New mass graves found as protesters demand justice for missing Mexican students
Thousands of Zapatista militias march during a demostration on Oct. 8, 2014 to demand justice in the case of the 43 students that went missing in Iguala. By Elizabeth Ruiz for Agence France-Presse.

Mexican authorities have found four new mass graves in the investigation into the disappearance of 43 students after suspects said some of the young men were buried there, officials said Thursday.

Four new suspects took investigators to the site of the pits, 200 kilometers (125 miles) south of Mexico City, but the number of bodies remains unknown, said Attorney General Jesus Murillo Karam.

"They say there are remains of students," Murillo Karam said, possibly dashing hopes among parents who refuse to believe their sons have died.

The four clandestine graves are "relatively" close to the location of another mass grave found last weekend in the southern state of Guerrero that contained 28 unidentified bodies, he said.

Authorities say it will take at least two weeks to identify the bodies through DNA analysis.

The case has outraged Mexicans, who held protests across the country Wednesday to demand the return of the students, in a nation that has lost tens of thousands of people to drug violence since 2006.

Authorities say the students vanished after Iguala police officers working with the Guerreros Unidos gang shot at their buses in a night of violence on September 26 that left six people dead and 25 wound

Surveillance cameras showed several students being taken away in patrol cars.

Murillo Karam said there are several lines of investigation into the motive but that the city's mayor, Jose Luis Abarca, his wife and the public security director are wanted for questioning.

The mayor's wife, Maria de los Angeles Pineda Villa, is the sister of two late members of the Beltran Leyva drug cartel, which founded the Guerreros Unidos.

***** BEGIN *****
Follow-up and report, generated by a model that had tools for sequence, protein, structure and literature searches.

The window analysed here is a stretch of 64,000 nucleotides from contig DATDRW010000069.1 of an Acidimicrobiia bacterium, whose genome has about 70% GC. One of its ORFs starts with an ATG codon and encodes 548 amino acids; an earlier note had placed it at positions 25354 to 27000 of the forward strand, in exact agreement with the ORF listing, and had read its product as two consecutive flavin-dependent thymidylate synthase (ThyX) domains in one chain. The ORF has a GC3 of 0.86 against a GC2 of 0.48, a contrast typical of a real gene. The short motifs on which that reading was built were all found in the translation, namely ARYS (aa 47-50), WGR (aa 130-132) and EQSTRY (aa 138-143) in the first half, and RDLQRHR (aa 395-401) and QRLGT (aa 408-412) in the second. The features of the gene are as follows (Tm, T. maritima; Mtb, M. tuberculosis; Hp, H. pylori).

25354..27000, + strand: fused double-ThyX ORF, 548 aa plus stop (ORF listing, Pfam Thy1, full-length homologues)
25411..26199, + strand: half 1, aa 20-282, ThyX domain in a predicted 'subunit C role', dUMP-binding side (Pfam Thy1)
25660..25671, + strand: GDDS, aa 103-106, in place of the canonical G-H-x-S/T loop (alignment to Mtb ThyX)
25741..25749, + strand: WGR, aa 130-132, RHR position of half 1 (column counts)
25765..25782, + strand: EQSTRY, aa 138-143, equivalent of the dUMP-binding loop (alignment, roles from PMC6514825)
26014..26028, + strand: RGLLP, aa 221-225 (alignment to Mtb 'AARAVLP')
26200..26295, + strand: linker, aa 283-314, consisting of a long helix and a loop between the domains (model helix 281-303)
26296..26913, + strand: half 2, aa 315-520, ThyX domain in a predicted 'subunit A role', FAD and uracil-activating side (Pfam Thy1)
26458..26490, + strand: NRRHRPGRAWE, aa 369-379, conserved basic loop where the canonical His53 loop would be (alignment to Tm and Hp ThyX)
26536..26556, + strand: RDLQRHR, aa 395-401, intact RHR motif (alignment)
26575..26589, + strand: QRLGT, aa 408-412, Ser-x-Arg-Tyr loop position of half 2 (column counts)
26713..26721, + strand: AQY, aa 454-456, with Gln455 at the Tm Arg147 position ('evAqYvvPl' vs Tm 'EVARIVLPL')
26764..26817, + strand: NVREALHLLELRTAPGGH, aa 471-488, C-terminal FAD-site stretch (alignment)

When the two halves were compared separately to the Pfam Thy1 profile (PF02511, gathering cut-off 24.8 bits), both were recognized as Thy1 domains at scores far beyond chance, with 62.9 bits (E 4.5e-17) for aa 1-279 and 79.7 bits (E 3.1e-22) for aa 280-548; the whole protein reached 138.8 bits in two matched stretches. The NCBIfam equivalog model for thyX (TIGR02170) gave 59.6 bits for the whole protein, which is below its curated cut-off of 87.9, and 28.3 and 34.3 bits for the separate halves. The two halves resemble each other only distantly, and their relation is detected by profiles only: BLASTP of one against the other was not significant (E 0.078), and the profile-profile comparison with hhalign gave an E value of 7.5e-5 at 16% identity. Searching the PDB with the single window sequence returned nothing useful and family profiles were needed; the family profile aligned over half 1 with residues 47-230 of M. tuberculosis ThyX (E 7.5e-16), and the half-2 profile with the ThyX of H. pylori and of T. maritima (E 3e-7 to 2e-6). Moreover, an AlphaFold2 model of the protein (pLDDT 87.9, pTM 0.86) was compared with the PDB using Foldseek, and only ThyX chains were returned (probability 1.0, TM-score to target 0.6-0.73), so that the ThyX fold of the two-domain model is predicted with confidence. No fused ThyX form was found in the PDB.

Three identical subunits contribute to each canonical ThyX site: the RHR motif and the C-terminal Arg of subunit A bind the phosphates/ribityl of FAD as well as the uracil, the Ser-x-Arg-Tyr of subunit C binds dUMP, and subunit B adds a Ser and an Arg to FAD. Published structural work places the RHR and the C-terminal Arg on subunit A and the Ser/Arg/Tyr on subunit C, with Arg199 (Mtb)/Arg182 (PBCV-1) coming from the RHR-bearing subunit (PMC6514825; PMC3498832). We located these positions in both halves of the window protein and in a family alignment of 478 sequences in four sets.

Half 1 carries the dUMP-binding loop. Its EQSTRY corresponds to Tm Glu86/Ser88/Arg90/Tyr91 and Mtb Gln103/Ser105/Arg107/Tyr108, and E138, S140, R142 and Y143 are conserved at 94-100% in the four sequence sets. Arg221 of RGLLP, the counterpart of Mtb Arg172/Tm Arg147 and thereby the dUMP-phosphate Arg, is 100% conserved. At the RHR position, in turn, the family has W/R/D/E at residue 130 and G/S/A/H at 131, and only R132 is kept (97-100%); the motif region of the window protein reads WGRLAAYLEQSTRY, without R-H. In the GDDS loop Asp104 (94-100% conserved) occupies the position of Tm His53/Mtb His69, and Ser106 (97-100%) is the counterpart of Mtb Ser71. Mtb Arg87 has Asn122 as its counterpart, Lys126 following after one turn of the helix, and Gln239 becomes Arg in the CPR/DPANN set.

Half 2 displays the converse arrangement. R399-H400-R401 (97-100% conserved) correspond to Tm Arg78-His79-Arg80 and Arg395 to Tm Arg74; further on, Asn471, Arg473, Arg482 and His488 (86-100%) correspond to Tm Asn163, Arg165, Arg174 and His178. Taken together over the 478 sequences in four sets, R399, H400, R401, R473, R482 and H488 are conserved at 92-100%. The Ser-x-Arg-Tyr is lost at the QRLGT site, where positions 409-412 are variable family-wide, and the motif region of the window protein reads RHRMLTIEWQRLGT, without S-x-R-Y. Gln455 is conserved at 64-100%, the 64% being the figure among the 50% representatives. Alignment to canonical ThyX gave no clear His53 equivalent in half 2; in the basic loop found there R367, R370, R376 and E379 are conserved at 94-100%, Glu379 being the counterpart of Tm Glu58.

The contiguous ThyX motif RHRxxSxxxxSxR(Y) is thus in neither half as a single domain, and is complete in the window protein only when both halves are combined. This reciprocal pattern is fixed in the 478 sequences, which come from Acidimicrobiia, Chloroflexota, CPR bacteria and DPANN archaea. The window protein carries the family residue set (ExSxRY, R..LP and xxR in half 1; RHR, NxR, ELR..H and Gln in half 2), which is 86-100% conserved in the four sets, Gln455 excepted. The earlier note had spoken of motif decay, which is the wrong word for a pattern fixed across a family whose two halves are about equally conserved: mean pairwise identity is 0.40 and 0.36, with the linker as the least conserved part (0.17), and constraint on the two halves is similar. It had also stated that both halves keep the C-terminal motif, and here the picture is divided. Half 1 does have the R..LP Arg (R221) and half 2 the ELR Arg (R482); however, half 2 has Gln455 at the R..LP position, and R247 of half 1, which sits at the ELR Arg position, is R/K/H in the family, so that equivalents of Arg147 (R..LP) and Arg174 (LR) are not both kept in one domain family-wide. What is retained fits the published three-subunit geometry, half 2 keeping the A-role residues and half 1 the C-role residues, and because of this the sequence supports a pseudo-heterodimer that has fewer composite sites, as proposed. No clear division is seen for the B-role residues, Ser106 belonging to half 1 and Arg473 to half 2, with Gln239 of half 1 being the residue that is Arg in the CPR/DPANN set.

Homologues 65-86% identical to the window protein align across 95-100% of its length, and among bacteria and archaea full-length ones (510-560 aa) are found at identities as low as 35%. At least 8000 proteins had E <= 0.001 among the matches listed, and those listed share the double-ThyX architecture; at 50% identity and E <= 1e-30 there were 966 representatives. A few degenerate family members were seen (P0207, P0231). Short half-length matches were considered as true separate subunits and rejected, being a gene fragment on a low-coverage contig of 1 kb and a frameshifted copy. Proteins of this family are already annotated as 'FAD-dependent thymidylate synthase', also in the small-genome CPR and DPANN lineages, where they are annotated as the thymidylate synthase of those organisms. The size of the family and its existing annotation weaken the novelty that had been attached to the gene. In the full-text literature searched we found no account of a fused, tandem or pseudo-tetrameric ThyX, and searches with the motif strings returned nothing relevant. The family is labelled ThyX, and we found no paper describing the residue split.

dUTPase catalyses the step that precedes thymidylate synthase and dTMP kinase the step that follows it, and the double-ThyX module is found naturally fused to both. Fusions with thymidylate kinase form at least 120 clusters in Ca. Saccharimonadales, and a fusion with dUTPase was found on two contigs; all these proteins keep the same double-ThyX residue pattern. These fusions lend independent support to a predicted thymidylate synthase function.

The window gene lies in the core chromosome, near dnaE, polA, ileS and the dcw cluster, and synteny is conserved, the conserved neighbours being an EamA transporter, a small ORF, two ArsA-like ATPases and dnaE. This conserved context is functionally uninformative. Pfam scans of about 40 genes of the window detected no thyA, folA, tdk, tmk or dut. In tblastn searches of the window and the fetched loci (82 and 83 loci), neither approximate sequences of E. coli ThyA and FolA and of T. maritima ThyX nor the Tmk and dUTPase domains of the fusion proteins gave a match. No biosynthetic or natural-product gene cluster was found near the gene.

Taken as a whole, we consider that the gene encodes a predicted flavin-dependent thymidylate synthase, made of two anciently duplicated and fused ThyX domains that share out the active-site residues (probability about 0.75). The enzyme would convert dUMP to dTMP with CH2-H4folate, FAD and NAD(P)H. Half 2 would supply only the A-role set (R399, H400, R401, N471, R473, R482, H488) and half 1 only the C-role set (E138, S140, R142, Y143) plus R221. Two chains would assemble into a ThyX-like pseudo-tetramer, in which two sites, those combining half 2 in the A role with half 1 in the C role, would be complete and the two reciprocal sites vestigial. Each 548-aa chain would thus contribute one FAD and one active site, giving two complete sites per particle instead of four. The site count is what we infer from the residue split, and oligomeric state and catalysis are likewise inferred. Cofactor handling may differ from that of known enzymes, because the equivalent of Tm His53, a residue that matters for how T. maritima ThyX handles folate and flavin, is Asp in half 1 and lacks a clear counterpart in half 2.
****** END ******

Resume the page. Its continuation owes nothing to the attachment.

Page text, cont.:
The mayor, his wife and public security director have apparently gone into hiding.

- Wife's cartel links -

Murillo Karam did not elaborate, but Mexican media, citing an intelligence services report, say Abarca's wife asked police to confront the students because she feared they would interrupt a speech she was giving that night.

The mayor then reportedly told the police chief to teach a lesson to the the students, who are from a teacher training college known as a bastion of protests.

The students say they were in Iguala to raise funds, though they had commandeered the buses to return home, a common practice among the radical aspiring teachers.

Guerrero chief prosecutor Inaky Blanco said authorities did not arrest Abarca before he disappeared last week because he has immunity as mayor, which has yet to be revoked.

Abarca requested a 30-day leave of absence before vanishing a few days after the attacks.

Blanco said Abarca faced state charges of negligence for preferring to stay at a party and go to bed instead of stopping the violence.

The mayor "left the victims at the mercy of public security members," Blanco said.

Four more municipal police officers have been arrested on homicide charges in the case, in addition to 22 who were detained last week.

Officials also arrested four alleged members of the Guerreros Unidos gang, which prosecutors say worked hand-in-hand with police during the assault.

Two Guerreros Unidos hitmen confessed to executing 17 of the students and dumping them in a mass grave.

- 'Act of barbarism' -

President Enrique Pena Nieto deployed federal forces to Iguala on Monday to take over security and disarm the local police. More than 100 officers were sent to a military base for retraining.

Pena Nieto vowed again on Thursday to punish those responsible for the "act of barbarism" and said he had instructed security officials to accelerate the investigation.

The Iguala case has embarrassed the mayor's leftist Democratic Revolution Party (PRD), which apologized for allowing him to run for office in 2012.

Governor Angel Aguirre, who is also a PRD member, has come under fire over the case but has repeatedly rejected calls by protesters to resign.

Hundreds of members of a citizen self-defense militia arrived in Iguala this week to carry out their own search for the students, interrogating people and digging for possible corpses.